Global Education: Rutgers GSE Faculty Engage the World

October 09, 2017

At the Rutgers Graduate School of Education (GSE), the shared commitment to advancing excellence and equity in education extends well beyond the borders of our local, state, and national communities. Fueled by both personal and professional motivations, many of the GSE’s faculty members have spent years studying and traveling to various nations across the globe to participate in innovative research to advance excellence and equity in education around the world. As active global citizens, the knowledge and experience these GSE professors gain through their international study also contributes to a more holistic understanding of the increasingly diverse United States student population and education system.  Moreover, it allows them to better recognize how education can and has proved to be, a catalyst for social activism. 

GSE Associate Professor, Carrie Lobman is a lifelong activist who believes that play and performance can help create social change. For the last 3 years, Lobman has been working closely with drama therapist and performance activist, Elena Boukouvala in Greece to bring Syrian refugees together with local citizens for play, performance and culture building. Through play, they create new conversations that help them see each other beyond stereotypes. 

“In my experience, traditional approaches to activism haven’t been working all that well. Through play and improvisation, people become more open and less constrained by ideology and can discover creative solutions to real-world problems,” stated Lobman. “It’s a vehicle for social change.”

For the last decade, Lobman has been doing research in collaboration with Brazilian educators who have been working to further grow the public education system so it supports learning and development of children and communities. These colleagues also use play and performance to bring together people from all walks of life and ages to imagine new futures. She also partners with Yuji Moro in Japan, a leading Vygotskian scholar turned community activist who utilizes performance to engage disengaged youth.

Lobman was one of the founders of the Performing the World Conference in 2001, co-sponsored by the All Stars Project and the East Side Institute, to bring together people from around the world who had been using play to as a vehicle for social change. In 2016, the Conference had over 500 attendees from almost 30 countries. Lobman is now working with Boukouvala in Greece to export the conference all over the world in a way that is sensitive to the local cultural context.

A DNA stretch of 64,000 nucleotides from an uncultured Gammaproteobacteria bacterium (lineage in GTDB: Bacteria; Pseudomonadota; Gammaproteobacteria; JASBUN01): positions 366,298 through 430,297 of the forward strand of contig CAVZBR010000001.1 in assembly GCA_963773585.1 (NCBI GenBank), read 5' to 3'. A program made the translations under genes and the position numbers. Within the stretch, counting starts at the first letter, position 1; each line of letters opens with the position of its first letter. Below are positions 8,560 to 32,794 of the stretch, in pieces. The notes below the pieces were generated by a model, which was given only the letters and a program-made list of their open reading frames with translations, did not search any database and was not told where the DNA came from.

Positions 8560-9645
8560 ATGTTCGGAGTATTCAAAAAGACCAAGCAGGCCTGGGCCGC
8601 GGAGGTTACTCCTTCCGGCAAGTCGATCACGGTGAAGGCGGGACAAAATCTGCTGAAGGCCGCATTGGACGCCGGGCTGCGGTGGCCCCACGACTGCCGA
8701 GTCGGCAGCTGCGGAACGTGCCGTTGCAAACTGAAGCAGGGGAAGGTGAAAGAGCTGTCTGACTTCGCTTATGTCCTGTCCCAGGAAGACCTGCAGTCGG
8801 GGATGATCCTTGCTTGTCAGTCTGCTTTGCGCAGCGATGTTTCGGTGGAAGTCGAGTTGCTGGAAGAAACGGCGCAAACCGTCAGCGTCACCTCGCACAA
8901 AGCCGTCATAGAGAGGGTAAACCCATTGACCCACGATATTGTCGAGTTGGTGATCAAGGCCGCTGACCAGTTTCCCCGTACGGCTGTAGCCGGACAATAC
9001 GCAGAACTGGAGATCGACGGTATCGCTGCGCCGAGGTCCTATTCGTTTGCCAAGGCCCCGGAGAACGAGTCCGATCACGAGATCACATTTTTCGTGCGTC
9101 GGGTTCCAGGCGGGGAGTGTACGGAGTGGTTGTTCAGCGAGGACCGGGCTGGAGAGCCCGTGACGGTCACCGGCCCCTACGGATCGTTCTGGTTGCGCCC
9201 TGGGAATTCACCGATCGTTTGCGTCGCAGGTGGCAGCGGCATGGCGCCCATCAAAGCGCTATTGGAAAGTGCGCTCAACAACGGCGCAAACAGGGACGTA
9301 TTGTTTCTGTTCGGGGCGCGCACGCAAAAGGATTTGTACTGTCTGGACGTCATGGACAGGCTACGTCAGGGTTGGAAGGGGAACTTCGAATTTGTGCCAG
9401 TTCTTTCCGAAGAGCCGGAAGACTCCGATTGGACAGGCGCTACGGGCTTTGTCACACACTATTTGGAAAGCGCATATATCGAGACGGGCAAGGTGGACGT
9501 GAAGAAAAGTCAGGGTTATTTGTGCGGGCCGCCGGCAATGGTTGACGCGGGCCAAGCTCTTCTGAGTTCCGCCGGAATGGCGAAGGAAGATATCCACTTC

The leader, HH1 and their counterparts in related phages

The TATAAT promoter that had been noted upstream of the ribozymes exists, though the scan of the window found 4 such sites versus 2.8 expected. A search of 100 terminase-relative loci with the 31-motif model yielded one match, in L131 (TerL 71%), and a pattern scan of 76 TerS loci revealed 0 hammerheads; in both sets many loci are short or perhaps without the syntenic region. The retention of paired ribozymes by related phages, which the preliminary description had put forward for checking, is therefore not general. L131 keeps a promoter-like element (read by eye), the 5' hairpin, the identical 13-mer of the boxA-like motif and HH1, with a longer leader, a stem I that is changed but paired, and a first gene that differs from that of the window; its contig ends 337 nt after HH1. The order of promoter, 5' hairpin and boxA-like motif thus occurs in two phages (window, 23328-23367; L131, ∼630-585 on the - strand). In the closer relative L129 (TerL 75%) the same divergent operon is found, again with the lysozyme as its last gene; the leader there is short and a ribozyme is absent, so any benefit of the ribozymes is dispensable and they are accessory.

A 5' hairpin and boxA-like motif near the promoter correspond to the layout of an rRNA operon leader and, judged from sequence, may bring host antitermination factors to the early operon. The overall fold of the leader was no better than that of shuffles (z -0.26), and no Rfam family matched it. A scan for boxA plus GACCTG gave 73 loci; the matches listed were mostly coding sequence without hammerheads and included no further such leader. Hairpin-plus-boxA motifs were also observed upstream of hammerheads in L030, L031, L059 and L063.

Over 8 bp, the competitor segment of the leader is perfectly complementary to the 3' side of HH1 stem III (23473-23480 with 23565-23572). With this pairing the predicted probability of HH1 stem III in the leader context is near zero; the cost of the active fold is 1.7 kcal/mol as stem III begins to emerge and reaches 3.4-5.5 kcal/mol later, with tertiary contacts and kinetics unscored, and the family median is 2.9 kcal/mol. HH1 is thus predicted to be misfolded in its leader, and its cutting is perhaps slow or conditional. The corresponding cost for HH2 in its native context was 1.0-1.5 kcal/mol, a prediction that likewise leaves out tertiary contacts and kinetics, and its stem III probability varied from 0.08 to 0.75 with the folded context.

GSE Professor Beth Rubin has been working with counterparts in Guatemala, Poland and Japan to better understand how young people develop as citizens and think about controversial social, cultural, and historic issues, particularly in their social studies classes. Rubin’s interest in global education was sparked by studying and traveling in Mexico and Central America as a teenager and young adult. Later she wanted to examine how schools in Guatemala were being used to create a new civil society after a 36 yearlong civic conflict. Rubin found that the social studies curriculum often did not meaningfully engage students in thinking about the more conflictual aspects of that country’s history. 

She also found parallels in the American education system. The social studies curriculum does not directly grapple with the experiences and historical memories of youth from a range of different communities. That has led to a joint study with Hiroshima University in Japan whereby Rubin and her counterpart will study how educators are prepared to teach controversial social and historical issues at the GSE and in Japan. 

“We are collectively responsible for creating the world that we live in and the first step to creating a civil society is awareness and understanding about the world around us and our history so that you can see beyond just the surface,” stated Rubin. “Some really great curricula has already been developed to engage students meaningfully and thus, educators do not need to invent anything new to do this effectively. Educators have the power to motivate and empower students participate in civic life at the community, national and international levels. We need to ensure that our children leave schools believing that they have a place at the table and something unique to contribute.”